'Grapefruit is a hybrid of lemon and orange. Snow is a hybrid of wish and lament."
It would be odd if anybody in Britain wasn't currently keeping up with current events. But it would be even odder if anybody currently keeping up with it all didn't also currently feel that they couldn't keep up. There is so much breaking news that we are broken.
In recent headlines, we've had the bugger bugged, the hacks hacking, victims of crime becoming suspects, suspects becoming litigants, and journalists busily scrutinising all the other journalists until newspapers fold and empires crumble. Or not. A beautiful young woman drinks herself to death at 27; a woman whose daughter is killed was befriended by a powerful woman who sought to exploit her. Perhaps. Pending investigation.
Soon, we will have to expand Maslow's Hierarchy of Needs, and make space in that pyramid of human essentials, somewhere between the food and the homeostasis bits, for Watching Newsnight. And so, amid this whirling maelstrom of brain noise, I would like to share with you the place I go for serenity. It's still on the internet, yes, but it reminds me to put the internet down sometimes, and think about water, and ancestry, and ghosts, and moonlit branches.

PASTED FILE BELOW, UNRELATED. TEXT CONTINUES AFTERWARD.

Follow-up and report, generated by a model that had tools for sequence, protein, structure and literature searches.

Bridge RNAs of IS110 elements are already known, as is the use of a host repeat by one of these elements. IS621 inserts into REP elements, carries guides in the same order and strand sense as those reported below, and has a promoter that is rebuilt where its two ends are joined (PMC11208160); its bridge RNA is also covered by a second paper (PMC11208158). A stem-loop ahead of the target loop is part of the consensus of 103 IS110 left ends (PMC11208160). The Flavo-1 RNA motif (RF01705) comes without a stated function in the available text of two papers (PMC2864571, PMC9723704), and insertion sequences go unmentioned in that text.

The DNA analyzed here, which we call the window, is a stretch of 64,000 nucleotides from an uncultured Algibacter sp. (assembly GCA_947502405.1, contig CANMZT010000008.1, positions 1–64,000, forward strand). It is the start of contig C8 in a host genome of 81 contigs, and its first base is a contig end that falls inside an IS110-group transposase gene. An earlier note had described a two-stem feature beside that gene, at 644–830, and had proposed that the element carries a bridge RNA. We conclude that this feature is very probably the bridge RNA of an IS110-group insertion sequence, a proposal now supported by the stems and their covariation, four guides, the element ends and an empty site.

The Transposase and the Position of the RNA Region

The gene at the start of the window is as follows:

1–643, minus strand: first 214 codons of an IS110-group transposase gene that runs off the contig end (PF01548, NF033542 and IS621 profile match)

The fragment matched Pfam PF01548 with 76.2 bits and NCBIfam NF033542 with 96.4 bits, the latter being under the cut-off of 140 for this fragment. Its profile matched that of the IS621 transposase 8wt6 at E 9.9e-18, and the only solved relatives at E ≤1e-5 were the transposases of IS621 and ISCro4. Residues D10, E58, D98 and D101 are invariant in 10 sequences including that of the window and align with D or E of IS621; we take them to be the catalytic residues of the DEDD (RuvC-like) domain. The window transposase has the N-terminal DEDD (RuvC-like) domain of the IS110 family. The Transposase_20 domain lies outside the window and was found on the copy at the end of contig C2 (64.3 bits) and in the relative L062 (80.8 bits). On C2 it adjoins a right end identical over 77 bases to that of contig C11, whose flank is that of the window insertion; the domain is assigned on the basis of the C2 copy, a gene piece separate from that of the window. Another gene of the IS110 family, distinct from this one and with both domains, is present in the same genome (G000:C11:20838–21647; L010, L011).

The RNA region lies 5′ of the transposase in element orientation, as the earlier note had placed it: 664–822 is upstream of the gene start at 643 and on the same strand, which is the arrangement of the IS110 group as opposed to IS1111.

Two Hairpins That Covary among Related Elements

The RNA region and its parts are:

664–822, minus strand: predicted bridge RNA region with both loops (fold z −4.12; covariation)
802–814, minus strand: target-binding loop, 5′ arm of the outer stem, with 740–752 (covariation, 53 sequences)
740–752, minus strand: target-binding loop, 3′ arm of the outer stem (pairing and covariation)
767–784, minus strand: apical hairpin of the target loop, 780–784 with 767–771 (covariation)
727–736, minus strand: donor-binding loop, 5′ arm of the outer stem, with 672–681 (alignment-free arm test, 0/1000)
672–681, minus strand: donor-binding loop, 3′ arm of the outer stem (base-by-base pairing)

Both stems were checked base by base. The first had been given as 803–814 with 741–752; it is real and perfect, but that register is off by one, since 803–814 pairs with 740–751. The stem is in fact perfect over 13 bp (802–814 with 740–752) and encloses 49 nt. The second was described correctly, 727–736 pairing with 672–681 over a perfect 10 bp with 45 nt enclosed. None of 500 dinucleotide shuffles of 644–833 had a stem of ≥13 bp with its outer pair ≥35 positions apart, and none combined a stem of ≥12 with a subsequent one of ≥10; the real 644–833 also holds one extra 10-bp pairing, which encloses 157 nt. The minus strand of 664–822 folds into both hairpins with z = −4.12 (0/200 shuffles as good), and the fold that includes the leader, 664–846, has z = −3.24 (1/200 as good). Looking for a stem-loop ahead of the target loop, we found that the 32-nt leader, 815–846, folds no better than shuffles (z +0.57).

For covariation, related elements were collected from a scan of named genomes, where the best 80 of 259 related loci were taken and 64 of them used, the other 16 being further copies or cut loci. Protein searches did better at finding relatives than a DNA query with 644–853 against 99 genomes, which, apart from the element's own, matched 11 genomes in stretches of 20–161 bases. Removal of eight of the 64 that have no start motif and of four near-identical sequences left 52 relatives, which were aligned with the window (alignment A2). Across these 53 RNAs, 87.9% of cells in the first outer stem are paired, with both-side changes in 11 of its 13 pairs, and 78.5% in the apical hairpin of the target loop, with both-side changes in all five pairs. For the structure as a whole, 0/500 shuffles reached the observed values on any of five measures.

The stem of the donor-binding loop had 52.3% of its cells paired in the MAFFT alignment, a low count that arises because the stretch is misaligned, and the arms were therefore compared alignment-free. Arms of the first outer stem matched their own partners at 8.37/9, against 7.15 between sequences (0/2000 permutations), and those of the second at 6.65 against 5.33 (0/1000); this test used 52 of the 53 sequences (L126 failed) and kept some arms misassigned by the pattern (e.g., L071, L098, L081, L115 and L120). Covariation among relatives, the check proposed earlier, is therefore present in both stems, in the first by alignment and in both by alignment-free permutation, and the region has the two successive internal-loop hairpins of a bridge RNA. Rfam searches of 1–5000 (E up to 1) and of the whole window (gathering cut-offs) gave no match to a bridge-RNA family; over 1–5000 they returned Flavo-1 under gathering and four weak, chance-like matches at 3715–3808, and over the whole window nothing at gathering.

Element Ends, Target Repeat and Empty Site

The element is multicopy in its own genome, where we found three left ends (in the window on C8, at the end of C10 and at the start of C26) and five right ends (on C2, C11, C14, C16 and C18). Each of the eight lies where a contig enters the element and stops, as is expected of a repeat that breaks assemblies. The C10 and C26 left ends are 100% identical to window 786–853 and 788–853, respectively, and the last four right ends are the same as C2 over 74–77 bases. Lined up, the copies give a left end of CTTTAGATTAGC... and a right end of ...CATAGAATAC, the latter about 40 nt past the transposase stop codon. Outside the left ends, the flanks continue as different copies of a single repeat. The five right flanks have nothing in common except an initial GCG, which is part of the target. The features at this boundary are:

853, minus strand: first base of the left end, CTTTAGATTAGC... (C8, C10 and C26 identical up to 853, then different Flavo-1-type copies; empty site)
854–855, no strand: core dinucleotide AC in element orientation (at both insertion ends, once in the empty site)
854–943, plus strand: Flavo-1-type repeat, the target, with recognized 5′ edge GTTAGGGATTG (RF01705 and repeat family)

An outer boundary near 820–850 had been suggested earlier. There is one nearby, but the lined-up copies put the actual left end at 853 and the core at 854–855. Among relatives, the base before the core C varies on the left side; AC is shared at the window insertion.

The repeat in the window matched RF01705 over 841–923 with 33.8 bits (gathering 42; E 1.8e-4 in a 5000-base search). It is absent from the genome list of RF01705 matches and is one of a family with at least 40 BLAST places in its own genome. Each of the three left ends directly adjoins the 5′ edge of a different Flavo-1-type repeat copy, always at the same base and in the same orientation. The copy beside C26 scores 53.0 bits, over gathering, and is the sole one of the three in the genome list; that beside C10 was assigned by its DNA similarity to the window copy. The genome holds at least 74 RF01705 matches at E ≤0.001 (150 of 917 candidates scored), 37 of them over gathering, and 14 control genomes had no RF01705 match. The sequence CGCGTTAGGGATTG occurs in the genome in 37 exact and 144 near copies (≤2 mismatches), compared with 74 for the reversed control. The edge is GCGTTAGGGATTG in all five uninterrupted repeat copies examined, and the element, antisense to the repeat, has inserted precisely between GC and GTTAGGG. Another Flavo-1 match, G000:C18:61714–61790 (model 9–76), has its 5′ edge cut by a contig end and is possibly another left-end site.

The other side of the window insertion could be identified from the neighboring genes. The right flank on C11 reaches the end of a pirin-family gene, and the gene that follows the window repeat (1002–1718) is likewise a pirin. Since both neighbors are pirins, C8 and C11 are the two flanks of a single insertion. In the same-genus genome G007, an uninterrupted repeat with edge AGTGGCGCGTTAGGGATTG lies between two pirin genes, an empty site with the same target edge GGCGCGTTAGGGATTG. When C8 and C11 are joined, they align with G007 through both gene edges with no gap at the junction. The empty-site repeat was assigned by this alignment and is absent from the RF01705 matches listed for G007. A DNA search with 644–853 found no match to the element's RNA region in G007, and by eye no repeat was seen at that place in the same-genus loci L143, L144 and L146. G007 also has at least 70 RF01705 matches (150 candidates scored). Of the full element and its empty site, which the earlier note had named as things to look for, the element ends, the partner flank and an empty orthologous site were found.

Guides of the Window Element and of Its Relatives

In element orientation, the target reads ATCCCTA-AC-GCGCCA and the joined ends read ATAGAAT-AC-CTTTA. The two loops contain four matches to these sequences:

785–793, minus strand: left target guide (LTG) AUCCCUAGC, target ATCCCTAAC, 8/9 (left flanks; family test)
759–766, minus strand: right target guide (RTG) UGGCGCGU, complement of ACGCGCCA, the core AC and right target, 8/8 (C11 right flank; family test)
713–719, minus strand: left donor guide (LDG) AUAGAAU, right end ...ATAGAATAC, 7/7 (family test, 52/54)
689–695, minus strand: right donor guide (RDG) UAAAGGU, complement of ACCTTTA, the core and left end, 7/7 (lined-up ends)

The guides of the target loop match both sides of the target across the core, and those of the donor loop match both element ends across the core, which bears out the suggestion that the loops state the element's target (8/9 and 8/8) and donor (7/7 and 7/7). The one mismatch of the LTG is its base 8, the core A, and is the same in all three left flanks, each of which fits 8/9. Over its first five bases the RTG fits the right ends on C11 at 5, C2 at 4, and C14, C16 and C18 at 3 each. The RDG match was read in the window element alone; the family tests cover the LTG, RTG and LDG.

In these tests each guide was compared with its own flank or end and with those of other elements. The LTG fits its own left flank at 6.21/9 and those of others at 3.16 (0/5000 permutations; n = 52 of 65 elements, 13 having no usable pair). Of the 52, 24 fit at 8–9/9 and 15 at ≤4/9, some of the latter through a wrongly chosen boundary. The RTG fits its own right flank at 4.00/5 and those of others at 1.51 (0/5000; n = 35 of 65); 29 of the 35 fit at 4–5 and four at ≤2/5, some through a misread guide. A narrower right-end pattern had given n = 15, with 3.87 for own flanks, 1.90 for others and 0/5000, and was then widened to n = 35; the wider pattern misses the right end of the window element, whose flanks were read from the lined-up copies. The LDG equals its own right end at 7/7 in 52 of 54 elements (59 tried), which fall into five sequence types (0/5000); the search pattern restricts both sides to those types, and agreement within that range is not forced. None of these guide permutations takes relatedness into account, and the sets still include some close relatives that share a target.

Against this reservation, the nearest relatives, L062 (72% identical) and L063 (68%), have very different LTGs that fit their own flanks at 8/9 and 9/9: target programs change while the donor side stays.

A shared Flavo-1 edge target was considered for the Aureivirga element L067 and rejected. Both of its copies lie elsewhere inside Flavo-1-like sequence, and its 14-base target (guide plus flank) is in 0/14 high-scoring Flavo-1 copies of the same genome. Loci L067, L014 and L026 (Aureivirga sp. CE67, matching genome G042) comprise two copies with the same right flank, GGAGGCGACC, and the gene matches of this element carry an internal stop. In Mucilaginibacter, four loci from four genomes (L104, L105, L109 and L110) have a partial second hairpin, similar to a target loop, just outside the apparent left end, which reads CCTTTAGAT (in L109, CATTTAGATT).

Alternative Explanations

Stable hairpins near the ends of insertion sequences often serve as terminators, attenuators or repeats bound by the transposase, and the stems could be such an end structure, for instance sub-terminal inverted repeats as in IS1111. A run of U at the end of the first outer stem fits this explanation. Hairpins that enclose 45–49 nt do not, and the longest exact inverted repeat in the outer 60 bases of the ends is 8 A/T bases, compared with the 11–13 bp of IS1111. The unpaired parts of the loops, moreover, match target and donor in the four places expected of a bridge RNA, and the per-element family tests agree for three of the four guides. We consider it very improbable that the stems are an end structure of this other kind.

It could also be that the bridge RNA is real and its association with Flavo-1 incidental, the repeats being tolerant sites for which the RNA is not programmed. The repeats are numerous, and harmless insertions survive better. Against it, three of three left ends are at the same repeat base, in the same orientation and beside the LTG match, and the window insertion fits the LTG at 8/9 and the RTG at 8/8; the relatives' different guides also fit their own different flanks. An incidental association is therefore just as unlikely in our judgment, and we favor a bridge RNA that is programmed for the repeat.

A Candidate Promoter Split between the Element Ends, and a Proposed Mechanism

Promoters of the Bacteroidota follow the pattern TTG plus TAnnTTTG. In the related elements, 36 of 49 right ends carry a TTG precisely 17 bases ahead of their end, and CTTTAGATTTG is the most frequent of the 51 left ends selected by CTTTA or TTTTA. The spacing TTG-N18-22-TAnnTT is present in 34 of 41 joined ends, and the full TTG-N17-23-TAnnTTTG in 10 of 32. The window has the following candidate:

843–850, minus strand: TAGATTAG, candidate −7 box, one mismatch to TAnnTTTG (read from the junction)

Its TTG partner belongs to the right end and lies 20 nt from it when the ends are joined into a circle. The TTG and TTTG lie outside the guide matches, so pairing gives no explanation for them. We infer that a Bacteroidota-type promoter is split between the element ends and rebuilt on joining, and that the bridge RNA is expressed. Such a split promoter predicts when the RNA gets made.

This enchanted garden is Yoko Ono's Twitter account. On which she – or the elf or the pixie or the fallen tree who updates it for her – writes little messages like these:
"Tape the sound of your baby son crying. Let him listen to the tape when he is going through pain as a grown man."
"It's a miracle that all of us who are wired so differently can understand each other, and even love each other."
"Dance in your dream. Hug your mother and father. Make them hug each other. Hug your sisters and brothers. Make a family circle and dance together."
As an artist, Yoko Ono has worked with messages such as these for some time. Her book, Grapefruit, with its one-line instructions for a life less obvious, has been reprinted several times since publication in 1964.
"Hide until everybody goes home. Hide until everybody forgets about you. Hide until everybody dies."
She also creates art installations of these small, written wishes. Often, they are uplifting, like self-help mottos. Sometimes, the tasks they suggest would seem to be impossible, such as listening to audio of the Moon.
Most of them come with instructions leading to an outcome, but just what the outcome will be isn't clear. They challenge you to make a leap of faith without specifying what the faith is. At a select committee hearing, the concrete testimony of these messages would fall short at the earliest of hurdles.
And so the good people of Twitter enjoy chuckling at Yoko Ono for her wacky wiles, her artistic indulgence, her silly dreams. They repost what she has written, adding to her request to record the Moon for their mothers, that, on balance, their mum would probably prefer a nice CD by Abba or Norah Jones.
And I think about how Yoko Ono's daughter was abducted, her father put into a concentration camp, and her husband murdered. How she was blamed for the natural evolution of rock'n'roll, of the 20th century. And how, if she says: "Whisper your desire to the wind. Ask the wind to take it to the end of the world", she probably means it.
Yoko Ono probably gets it; gets it all too well. Even if she doesn't watch Newsnight.